We have way too many powerbanks.
I was going through my junk drawer today when I noticed the pile of powerbanks. You know, stuff that your family and relatives give you after they upgrade to the latest and greatest powerbanks with bigger capacities. Stuff that you receive from free giveaways. Stuff that you receive from promotions. So on and so forth. Our family had amassed quite the collection: primarily Xiaomi powerbanks (they make some pretty good powerbanks), no-name ones that we got from promotions and giveaways, and a couple of powerbanks that we bought from street vendors that still somewhat worked.
Most of the powerbanks worked, but I noticed a certain pink powerbank held less charge than it did before. When I measured the capacity with a USB tester, I noticed that it only charged about 4,000 mAh from 0%. The power bank itself was rated for 8,000 mAh. That was 50% of capacity gone!
I decided to try and fix it. Opening up the plastic shell with a pry tool, I saw that the connections were just wires soldered onto the powerbank circuitry. I thought I had a good shot, as it wasn’t a powerbank where the tabs were spot-welded to the battery and the board - something that would be impossible for me to fix.
Oh, how wrong I was.
Lesson 1 - some things are just not worth your time
How much do powerbanks retail for? Ten bucks? Twenty bucks? To figure this out, I went to Danawa (a site like Amazon but for Koreans) and listed all the powerbanks there.
Seeing as the powerbank I was replacing was only 8,000 mAh, I searched for powerbanks with a similar capacity. The Xiaomi 5th gen powerbank is currently selling for 13,820 won, which is about $10 or so. And it has a capacity of 10,000 mAh!
Next, I searched up a replacement 8,000 lithium battery on Taobao (since I’m still currently in China) and bought one for 25 kuai, or about $3. OK, that’s pretty cheap, but consider this: I had to wait three days for it to ship, and I had to get soldering equipment that is worth well over what it would’ve cost me had I just bought a new powerbank, and I had to invest my time into soldering the thing. All in all, that completely cancels out the $7 difference multiple times and then some!
There’s also the question of safety, as all powerbanks sold in Korea must pass the KC standard in order to be sold. Therefore, you can be reasonably assured that the damn thing won’t just blow up in your bag one day and give you 3rd-degree burns, or wallop off your leg if you prefer to keep it with your phone in your short pocket. Do you trust that random seller on Taobao to keep you safe? Do you consider $7 to be too expensive when it could just as well easily be a $9,000 bill for skin graft surgery? Didn’t think so.
But just for science, say we decided to repair that powerbank…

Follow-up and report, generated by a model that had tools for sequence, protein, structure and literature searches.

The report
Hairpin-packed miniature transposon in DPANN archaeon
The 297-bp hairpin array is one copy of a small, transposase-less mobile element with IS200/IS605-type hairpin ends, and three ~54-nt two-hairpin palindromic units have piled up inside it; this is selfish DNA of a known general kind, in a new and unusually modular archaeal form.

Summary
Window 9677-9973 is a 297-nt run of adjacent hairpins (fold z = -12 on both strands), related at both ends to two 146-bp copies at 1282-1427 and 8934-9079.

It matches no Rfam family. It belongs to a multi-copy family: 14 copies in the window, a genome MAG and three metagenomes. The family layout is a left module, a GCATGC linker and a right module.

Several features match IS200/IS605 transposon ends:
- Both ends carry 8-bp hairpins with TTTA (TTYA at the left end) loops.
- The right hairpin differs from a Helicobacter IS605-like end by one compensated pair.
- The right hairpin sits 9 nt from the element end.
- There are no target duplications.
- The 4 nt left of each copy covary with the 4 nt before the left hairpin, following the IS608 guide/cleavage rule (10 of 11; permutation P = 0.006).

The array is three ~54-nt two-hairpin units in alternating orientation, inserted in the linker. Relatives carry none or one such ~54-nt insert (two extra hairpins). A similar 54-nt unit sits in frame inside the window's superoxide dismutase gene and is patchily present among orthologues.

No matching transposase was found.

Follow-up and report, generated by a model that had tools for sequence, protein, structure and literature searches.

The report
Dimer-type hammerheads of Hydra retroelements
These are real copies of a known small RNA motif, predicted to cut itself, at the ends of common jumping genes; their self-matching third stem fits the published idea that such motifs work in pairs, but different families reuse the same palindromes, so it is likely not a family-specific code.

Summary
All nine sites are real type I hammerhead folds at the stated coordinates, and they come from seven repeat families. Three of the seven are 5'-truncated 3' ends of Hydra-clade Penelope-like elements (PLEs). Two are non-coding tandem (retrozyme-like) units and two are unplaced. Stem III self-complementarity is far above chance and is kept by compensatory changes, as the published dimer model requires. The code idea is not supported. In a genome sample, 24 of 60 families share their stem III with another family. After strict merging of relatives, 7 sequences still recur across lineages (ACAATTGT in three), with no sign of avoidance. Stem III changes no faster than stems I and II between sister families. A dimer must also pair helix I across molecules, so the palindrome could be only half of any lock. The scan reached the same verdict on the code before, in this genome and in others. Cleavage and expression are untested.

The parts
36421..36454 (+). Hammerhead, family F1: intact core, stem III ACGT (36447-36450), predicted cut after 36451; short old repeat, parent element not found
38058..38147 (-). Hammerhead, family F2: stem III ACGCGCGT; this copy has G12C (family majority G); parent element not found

Lesson 2 - BMS
All lithium battery-powered devices have something called a BMS, or Battery Management System. It may be called a “Protection Circuit” or something similar on the powerbank’s specification page. These things handle stuff like overcharge protection, temperature protection (for when the battery gets too hot), low voltage protection (when you use the powerbank too much, past its depletion point) and so on.
Now, I made the mistake of buying a battery with a BMS included, when the previous battery didn’t (which means that the BMS is included with the powerbank circuitry and not with the battery itself). Now, this wouldn’t be a terribly bad thing, except for the fact that there are now two BMSes working against each other. So I saw weird symptoms where the powerbank wouldn’t charge fully (hovering at the 95% mark but never quite reaching 100%) or it wouldn’t let me use the full capacity of the battery (because the cutoff voltage didn’t match).
But that’s not the worst part. Because the BMS in the powerbank circuit is calibrated for the old battery, when I replaced the old battery with a new one it still thought the old battery is installed. Therefore, it would treat the new battery the same way it did the degraded one, which means the entire procedure was useless! The new battery still had the limit of 4,000 mAh that the old circuitry artifically imposed.
You could theoretically reset the gauge in the powerbank circuitry, but at that point, again, is it really worth your time?
Lesson 3 - Reduce, reuse, recycle
But, less e-waste is better! You say. Right to repair and all that!
Yes, sure. And let me make this clear: this article is not about discouraging you from repairing your own things. If you want to take the adventure, then by all means don’t let me stop you. But I’m warning you that some repairs may be more than they are worth.
People seem to forget that the mantra “Reduce, reuse, recycle” has the word “reduce” first. If you really want to help lessen the impacts of e-waste, then stop purchasing new shiny things. I keep telling this to my family: if your current tech works, then please don’t buy a new one until it breaks in such a way that repairs are not economically feasible. (Of course, not that they would listen…) If you spend less and if you use up your products before buying a new one then you can definitely help the environment more.
So yes, repair is important. But it is just as important as to figure out when something is just not worth repairing. If a new product costs you the same amount as it does to repair the old one and potentially get a dangerous outcome, then the choice becomes extremely obvious.
Now excuse me, for I have a fire hazard disguised as a Taobao battery on my desk that I need to get rid of.